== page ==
If the President of Nobel Peace Prize-winning Doctors Without Borders had not warned the world of “imminent
threat to global health” posed by
the Trans-Pacific Partnership (TPP), would these 22 doctors and patients have lost their lives early
|Doctor Without Borders Hospital in flames|
As reported in the National Journal in May:
“It’s not usual business for us, and the reason is because we’re very worried,”explained Judit Rius Sanjuan, who oversees Doctors Without Borders drug access campaign, in a phone interview. “We are doing anything we can to make sure the public is aware.”
Though the Nobel Prize-winning group has actively but reservedly opposed the massive TPP deal for years, recent letters to President Obama and a campaign of subway ads on the D.C. Metro show a more urgent, public push. Sanjuan admitted such a robust effort “is not usual practice for us.”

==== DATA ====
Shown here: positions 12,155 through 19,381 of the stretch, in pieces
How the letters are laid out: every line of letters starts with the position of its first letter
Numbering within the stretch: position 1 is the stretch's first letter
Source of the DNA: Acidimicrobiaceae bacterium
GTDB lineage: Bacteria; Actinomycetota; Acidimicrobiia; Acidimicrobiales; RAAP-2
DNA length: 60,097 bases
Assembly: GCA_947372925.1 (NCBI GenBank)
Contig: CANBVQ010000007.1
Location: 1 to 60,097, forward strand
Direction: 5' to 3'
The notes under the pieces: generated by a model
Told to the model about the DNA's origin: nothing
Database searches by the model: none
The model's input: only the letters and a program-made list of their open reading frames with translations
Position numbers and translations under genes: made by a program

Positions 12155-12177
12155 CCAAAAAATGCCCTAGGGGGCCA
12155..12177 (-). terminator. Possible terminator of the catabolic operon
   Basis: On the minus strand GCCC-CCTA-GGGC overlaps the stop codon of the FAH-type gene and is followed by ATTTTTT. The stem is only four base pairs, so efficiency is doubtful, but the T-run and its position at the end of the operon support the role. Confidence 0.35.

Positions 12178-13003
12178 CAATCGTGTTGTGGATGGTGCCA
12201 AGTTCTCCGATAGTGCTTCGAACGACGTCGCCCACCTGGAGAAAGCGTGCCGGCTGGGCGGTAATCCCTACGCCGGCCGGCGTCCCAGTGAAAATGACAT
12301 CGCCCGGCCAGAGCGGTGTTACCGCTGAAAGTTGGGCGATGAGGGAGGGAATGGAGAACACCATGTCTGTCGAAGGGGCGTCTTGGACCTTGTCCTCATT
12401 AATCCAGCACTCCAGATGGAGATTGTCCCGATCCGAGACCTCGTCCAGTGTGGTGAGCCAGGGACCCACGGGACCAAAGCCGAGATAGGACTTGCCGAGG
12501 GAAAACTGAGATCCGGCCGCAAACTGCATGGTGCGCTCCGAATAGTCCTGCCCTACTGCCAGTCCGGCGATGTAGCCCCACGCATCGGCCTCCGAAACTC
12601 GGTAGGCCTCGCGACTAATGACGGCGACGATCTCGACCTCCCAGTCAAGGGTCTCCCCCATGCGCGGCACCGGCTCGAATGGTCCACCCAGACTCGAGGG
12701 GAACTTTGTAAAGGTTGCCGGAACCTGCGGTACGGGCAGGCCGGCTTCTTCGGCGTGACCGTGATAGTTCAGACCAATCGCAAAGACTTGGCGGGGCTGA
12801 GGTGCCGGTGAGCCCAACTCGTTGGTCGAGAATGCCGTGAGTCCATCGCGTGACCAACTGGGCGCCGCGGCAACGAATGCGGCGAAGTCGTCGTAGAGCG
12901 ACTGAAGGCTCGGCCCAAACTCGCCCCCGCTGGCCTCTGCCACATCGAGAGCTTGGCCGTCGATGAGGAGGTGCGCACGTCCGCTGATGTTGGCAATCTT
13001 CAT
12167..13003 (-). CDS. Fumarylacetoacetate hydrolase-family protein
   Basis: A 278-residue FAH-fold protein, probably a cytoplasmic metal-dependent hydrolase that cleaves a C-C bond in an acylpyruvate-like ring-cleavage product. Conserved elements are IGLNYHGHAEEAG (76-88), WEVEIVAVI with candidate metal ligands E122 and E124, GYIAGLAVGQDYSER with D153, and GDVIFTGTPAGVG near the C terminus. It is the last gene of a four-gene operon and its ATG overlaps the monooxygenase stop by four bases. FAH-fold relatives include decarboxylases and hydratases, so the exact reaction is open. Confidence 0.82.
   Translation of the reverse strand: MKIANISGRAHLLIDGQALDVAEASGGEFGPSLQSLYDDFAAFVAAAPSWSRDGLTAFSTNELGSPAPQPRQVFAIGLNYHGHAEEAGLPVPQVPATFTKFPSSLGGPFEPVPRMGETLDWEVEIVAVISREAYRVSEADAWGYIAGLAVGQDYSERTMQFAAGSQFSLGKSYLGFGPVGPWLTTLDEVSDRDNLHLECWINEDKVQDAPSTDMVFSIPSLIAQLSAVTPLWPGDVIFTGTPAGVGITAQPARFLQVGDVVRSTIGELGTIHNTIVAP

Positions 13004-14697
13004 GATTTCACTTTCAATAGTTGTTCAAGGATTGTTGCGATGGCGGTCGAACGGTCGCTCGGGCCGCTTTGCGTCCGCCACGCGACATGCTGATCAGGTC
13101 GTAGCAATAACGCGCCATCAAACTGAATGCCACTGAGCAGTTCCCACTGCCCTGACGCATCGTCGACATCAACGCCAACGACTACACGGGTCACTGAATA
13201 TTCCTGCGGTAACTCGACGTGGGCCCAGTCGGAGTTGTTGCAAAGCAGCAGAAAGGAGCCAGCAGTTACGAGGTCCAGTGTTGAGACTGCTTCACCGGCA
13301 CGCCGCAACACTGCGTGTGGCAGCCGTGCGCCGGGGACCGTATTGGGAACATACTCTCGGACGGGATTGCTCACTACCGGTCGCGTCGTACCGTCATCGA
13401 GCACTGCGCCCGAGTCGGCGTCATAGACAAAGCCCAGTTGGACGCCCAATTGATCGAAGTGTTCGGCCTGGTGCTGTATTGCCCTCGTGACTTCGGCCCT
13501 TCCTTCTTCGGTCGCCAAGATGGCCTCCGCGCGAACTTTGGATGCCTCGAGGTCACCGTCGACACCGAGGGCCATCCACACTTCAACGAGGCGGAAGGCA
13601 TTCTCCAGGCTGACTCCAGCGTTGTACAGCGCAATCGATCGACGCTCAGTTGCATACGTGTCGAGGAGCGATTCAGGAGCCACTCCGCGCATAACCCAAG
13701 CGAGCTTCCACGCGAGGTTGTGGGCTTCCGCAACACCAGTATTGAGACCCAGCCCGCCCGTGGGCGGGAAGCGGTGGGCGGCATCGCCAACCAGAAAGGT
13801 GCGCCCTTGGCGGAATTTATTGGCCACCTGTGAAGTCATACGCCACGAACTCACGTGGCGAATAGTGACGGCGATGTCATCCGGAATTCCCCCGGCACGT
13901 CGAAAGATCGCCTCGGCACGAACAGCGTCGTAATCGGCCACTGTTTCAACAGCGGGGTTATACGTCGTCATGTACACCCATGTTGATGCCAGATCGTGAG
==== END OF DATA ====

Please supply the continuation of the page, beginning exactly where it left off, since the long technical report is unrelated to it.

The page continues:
“I don’t know exactly how long, but it was maybe half an hour afterwards that they stopped bombing. I went out with the project coordinator to see what had happened. What we saw was the hospital destroyed, burning,” described nurse Lajos Zoltan Jecs of the U.S. bombing of the hospital in Kunduz, Afghanistan.
Why did they have to blow up the whole hospital?” pleaded Nasratullah, whose 25-year-old cousin Akbar was among doctors killed in the bombing. “We know that the Americans are very clever. If they can target a single person in a car from their planes, why did they have to blow up the whole building?”
The explanation according to rumors is that Taliban forces had entered the location and were using the cover of the hospital to fire on coalition forces.
Christopher Stokes, Doctors Without Borders General Director, angrily stated, “Not a single member of our staff reported fighting inside the hospital compound prior to the U.S. airstrike Saturday morning. The hospital was full of staff, patients, and their caretakers. It is 12 staff members and ten patients, including three children, who were killed in the attack.”